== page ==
Photographers' Blog

The lost dogs of Ciudad Juarez

Ciudad Juarez, Mexico

By Jose Luis Gonzalez

As a photojournalist living and working in Ciudad Juarez I’m used to seeing dead people being picked up off the streets.

The last few years have been brutal, with violence and shoot-outs every day and dead people everywhere. But it is much calmer now and corpses lying in puddles of blood are not as common a sight as they used to be. Nevertheless, some weeks ago I drove through a neighborhood and saw a couple of men dressed in hooded, white coveralls picking up another kind of corpse: a dead dog. They threw it into a container pulled by a truck and when they took off I started to follow them.

They stopped every so often, picking up another dead dog from the streets and throwing it into the container. They were collecting a lot of dead animals and when I approached the truck, I could see that there was a whole pile of them.

Maybe we have become so used to seeing death around us that we have become desensitized to the enormous number of dogs that die daily in the city. Local authorities believe that up to 100,000 stray dogs roam the streets of Ciudad Juarez. Recently, local workers have been picking up the remains of between 40-60 every day, with 4,970 dead dogs retrieved in 2012, according to the city’s head of clean-up efforts. Authorities believe the dogs died of starvation, extreme temperatures, from being hit by vehicles, or simply expired next to their owners former homes.

I decided to follow the “levanta perros” (“dog picker-uppers”) as the municipal workers who collect dead dogs are commonly called. I went to one of the low-income neighborhoods on the outskirts of the city where hundreds of empty houses stand abandoned by some of the estimated 200,000 residents who fled the city at the height of drug-related violence in 2010 and 2011. I saw so many dogs with terrible signs of malnutrition wandering around or lying outside empty, vandalized homes. They seemed to be waiting in vain for their former masters to come back.

Witness to the violent years of Juarez

Through the shattered glass one can still see the bloodstains that tell the tragic stories of each vehicle and its occupants – the men, women and children whose bodies became the center of violent crime scenes.

Bullet-riddled vehicles sit in a police junkyard in Ciudad Juarez September 6, 2010. Confiscated in crime-related incidents, more than 2,000 vehicles, some with blood and the marks from shootouts, are stored in the yard while investigations into the crimes are conducted, according to the local prosecutor's office. REUTERS/Gael Gonzalez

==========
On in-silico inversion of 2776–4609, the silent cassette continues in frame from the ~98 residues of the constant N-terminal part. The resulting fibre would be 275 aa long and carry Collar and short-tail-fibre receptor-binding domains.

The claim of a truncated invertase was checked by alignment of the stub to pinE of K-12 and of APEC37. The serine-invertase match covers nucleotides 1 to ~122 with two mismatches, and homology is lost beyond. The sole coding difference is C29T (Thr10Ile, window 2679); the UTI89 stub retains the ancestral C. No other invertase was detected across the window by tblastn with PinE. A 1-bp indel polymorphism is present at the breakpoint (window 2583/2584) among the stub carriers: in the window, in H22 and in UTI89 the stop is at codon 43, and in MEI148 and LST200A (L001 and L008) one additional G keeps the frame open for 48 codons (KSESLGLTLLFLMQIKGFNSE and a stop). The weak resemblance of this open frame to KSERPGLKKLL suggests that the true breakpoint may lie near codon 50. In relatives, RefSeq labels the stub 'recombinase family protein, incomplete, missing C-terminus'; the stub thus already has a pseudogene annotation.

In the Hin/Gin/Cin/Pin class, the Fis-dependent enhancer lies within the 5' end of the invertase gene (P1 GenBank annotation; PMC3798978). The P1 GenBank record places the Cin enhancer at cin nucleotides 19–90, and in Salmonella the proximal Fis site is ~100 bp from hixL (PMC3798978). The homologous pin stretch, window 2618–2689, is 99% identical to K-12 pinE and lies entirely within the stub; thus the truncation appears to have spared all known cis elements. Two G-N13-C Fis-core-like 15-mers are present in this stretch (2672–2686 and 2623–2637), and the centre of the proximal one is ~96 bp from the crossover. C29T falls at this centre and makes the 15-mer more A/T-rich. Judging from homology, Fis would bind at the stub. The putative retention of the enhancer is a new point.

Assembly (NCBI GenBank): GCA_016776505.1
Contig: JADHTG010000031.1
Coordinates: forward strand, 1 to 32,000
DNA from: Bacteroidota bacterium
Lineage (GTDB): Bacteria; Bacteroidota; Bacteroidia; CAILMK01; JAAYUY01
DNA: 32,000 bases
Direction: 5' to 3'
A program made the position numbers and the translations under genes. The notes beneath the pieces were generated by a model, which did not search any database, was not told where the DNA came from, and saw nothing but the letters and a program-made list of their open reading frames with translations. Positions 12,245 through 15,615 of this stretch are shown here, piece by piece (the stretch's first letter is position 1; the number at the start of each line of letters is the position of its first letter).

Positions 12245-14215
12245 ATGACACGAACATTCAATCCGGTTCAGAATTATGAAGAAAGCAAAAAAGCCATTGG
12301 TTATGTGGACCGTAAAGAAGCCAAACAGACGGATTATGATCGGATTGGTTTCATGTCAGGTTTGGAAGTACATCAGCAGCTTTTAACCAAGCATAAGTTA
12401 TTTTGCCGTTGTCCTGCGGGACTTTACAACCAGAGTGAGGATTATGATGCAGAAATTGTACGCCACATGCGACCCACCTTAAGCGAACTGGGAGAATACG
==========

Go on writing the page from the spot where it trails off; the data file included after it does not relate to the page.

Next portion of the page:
Located at the 25 km marker of the Panamerican Highway outside Ciudad Juarez, the state government’s field has become a junkyard, a vehicle graveyard. Laid out in rows, the vehicles are painted with their date of arrival as well as the number 39, police code for “death,” on their windshields.

 A bullet-riddled pickup sits with other vehicles in a police junkyard in Ciudad Juarez September 6, 2010. Confiscated in crime-related incidents, more than 2,000 vehicles, some with blood and the marks from shootouts, are stored in the yard while investigations into the crimes are conducted, according to the local prosecutor's office. REUTERS/Gael Gonzalez

Bullet-riddled vehicles sit in a police junkyard in Ciudad Juarez September 6, 2010. Confiscated in crime-related incidents, more than 2,000 vehicles, some with blood and the marks from shootouts, are stored in the yard while investigations into the crimes are conducted, according to the local prosecutor's office. REUTERS/Gael Gonzalez

The state prosecutor’s office says there are more than 2,000 vehicles in the yard, ranging from new luxury models to old junk. They are kept here for as long as the investigation into each crime lasts with most of them never claimed by the victims’ families, probably because of the memories that each one invokes. Among them are many police cars.

My city, my work, my life

It was 11:30 at night in Ciudad Juarez just south of the U.S. border when we reporters heard on the police frequency that a man had been left hanging on the chainlink fence of the Seven & Seven bar, the same place where a few days earlier 11 people had been gunned down.

Once we were sure that the information was real, we approached the bar only after coordinating between ourselves via walkie-talkie. We arrived at the chilling scene, nervous about covering such an incident, and noticed several cars cruising the area around us.

We managed to work from a distance for a short time until the police sealed off the area, blocking our access. I managed to take several photos of the Dantesque scene in which I could see a man’s body with his hands handcuffed to the fence in the form of a crucifixion. We stayed nearby until they removed the body to be taken to the morgue.

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